The weirdest part of all was when I felt a giant kick and then a sudden gush of water. That's what I was expecting! It was like little Chloe was busting out! The doctor broke my water with Tatum, so I'd never felt this sensation before. It was really the wildest thing!
A while later, Dr. Duffy gave me the option to start pushing or wait for her to descend more. I was ready to have the baby so I said I'd like to start pushing now, which I kind of regret in retrospect. I should have just waited for her to come down naturally and saved my energy for later. Once I started pushing there were 4 doctors who had come into the room, and my nurse Leslie. Dr. Duffy initially anticipated Chloe coming in about 10 minutes of pushing, so at 45 minutes of pushing they were wondering if she was too big to come down naturally. Many of the doctors kept talking about how this is such a large baby and they just don't know if this is going to work out... The male doctor in particular was really talking about how this is going to turn into a C-section and he just didn't see it happening.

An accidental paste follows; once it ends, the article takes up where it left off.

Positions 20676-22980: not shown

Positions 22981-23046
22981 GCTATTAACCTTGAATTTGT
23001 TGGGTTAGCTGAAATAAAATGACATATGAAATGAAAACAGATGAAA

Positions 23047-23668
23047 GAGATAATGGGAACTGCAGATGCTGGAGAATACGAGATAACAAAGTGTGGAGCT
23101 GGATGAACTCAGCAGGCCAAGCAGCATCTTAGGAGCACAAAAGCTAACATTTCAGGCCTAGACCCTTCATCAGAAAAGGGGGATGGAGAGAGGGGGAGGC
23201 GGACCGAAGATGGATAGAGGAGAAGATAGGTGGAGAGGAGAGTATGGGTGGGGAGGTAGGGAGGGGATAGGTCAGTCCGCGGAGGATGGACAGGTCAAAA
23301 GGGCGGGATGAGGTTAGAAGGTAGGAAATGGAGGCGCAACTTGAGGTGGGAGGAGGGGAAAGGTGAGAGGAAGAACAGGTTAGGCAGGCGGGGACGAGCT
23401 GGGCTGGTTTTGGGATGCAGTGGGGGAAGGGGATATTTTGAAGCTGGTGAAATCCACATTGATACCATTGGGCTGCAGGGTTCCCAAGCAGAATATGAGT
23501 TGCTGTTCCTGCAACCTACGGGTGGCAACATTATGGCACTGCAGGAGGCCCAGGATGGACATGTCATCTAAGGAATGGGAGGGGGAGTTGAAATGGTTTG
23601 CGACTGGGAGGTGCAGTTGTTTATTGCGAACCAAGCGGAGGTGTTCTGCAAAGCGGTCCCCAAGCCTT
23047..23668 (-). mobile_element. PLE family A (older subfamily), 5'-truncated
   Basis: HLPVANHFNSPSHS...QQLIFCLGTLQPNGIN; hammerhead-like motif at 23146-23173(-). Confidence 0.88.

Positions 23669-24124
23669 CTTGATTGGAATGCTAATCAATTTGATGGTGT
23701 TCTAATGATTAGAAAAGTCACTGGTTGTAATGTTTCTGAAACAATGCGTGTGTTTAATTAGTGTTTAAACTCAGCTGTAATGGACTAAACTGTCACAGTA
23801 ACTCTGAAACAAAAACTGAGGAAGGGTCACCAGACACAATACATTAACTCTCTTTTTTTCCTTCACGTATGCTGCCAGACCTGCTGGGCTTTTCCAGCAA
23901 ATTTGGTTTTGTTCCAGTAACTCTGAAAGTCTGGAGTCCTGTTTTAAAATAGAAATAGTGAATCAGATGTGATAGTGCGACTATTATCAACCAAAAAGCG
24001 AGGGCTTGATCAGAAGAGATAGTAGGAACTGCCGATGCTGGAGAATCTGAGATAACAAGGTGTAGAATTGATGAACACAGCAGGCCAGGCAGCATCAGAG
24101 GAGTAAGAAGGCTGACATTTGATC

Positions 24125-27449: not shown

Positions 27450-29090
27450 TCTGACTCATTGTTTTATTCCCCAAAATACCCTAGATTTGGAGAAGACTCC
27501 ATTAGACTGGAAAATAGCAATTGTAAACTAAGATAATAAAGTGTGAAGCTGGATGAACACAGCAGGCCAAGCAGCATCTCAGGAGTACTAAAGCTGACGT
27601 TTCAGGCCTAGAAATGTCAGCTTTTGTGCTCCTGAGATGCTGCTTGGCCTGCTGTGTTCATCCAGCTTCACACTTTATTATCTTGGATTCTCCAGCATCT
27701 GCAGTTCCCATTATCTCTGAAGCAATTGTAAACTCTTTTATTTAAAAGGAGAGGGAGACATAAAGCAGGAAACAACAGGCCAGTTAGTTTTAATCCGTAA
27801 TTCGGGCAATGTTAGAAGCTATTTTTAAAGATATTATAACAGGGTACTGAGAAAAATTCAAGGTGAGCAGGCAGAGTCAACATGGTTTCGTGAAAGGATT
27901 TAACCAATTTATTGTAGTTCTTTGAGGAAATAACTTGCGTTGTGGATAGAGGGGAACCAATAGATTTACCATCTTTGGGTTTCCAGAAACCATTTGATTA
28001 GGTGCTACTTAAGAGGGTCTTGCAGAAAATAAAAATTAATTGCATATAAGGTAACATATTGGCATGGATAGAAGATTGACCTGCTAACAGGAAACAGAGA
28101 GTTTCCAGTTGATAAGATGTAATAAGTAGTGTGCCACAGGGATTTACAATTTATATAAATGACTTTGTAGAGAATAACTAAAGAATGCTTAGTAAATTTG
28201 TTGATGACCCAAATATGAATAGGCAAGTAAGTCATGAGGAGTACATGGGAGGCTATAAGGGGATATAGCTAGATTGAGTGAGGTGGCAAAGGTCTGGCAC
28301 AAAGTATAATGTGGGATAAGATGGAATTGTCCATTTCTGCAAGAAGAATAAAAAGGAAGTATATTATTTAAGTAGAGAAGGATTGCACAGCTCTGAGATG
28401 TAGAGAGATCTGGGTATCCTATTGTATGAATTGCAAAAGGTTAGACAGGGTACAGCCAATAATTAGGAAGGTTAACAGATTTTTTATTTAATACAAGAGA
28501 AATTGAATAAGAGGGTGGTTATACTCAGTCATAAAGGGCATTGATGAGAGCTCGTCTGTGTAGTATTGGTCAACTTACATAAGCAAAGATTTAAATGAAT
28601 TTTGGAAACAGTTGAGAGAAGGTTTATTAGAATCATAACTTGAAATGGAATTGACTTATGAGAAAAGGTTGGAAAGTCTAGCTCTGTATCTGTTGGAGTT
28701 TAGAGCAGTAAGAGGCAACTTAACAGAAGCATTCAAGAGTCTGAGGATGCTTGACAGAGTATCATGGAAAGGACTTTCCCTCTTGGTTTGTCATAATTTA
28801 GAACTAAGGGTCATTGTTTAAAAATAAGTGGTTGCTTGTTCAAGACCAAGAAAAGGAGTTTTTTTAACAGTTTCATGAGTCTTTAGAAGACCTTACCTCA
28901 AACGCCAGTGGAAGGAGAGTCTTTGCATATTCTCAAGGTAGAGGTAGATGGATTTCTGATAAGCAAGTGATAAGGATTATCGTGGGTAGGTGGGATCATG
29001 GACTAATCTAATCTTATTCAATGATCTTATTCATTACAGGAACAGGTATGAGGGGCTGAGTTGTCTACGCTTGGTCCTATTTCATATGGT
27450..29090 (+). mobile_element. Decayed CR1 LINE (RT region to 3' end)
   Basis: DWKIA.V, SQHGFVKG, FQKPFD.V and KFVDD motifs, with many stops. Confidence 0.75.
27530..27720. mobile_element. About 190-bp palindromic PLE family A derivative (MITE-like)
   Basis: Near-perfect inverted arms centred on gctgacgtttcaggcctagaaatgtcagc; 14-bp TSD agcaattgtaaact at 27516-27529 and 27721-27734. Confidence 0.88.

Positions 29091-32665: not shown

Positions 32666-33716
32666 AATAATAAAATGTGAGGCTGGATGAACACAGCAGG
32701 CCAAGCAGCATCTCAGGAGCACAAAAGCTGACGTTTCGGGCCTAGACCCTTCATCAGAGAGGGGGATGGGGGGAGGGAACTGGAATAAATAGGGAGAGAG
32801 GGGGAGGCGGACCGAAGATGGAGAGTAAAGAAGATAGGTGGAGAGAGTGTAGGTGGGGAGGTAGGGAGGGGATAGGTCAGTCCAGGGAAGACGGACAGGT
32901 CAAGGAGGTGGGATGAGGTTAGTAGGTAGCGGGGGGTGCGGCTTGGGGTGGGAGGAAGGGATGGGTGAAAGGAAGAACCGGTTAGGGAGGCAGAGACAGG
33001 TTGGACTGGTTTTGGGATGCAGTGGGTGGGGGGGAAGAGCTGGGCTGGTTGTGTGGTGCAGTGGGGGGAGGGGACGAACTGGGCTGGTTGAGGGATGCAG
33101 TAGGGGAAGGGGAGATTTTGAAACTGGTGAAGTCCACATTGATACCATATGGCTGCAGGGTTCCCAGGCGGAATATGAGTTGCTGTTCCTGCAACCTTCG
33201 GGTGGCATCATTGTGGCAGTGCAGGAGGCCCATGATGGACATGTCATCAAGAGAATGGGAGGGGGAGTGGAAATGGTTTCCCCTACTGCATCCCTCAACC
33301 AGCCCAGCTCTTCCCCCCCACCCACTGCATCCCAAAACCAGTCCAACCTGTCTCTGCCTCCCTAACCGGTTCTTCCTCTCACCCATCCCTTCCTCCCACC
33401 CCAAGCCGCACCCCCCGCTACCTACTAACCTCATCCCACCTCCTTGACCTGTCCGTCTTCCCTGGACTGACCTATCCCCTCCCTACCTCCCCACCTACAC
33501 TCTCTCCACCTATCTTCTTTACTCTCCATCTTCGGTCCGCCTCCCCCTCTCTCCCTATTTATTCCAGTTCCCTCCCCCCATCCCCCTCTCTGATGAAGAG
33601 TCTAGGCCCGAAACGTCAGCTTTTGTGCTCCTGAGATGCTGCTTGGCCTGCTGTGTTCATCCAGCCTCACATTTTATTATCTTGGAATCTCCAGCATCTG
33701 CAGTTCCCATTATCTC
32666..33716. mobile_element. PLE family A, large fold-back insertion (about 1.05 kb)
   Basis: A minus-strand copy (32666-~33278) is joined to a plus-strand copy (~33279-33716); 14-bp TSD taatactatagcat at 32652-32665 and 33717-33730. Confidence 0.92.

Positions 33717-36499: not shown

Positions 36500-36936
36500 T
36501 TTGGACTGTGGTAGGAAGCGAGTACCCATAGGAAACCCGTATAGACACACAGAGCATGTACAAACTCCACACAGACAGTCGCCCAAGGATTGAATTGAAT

My friend Dianne did such a great job capturing some really sweet moments. Having her there was such a highlight of my birth experience! I just can't get enough of those photos. When she first showed up with a camera around her neck, Leslie pretty firmly said that there are no photos allowed when the baby is actually coming out. Law suits, I'm sure. Dianne took it great and still did a great job without offending or making the medical staff nervous.
Here are a few to get you excited, I'll surely share more once I get them all back!
Credit for all these photos goes to Dianne Shumway.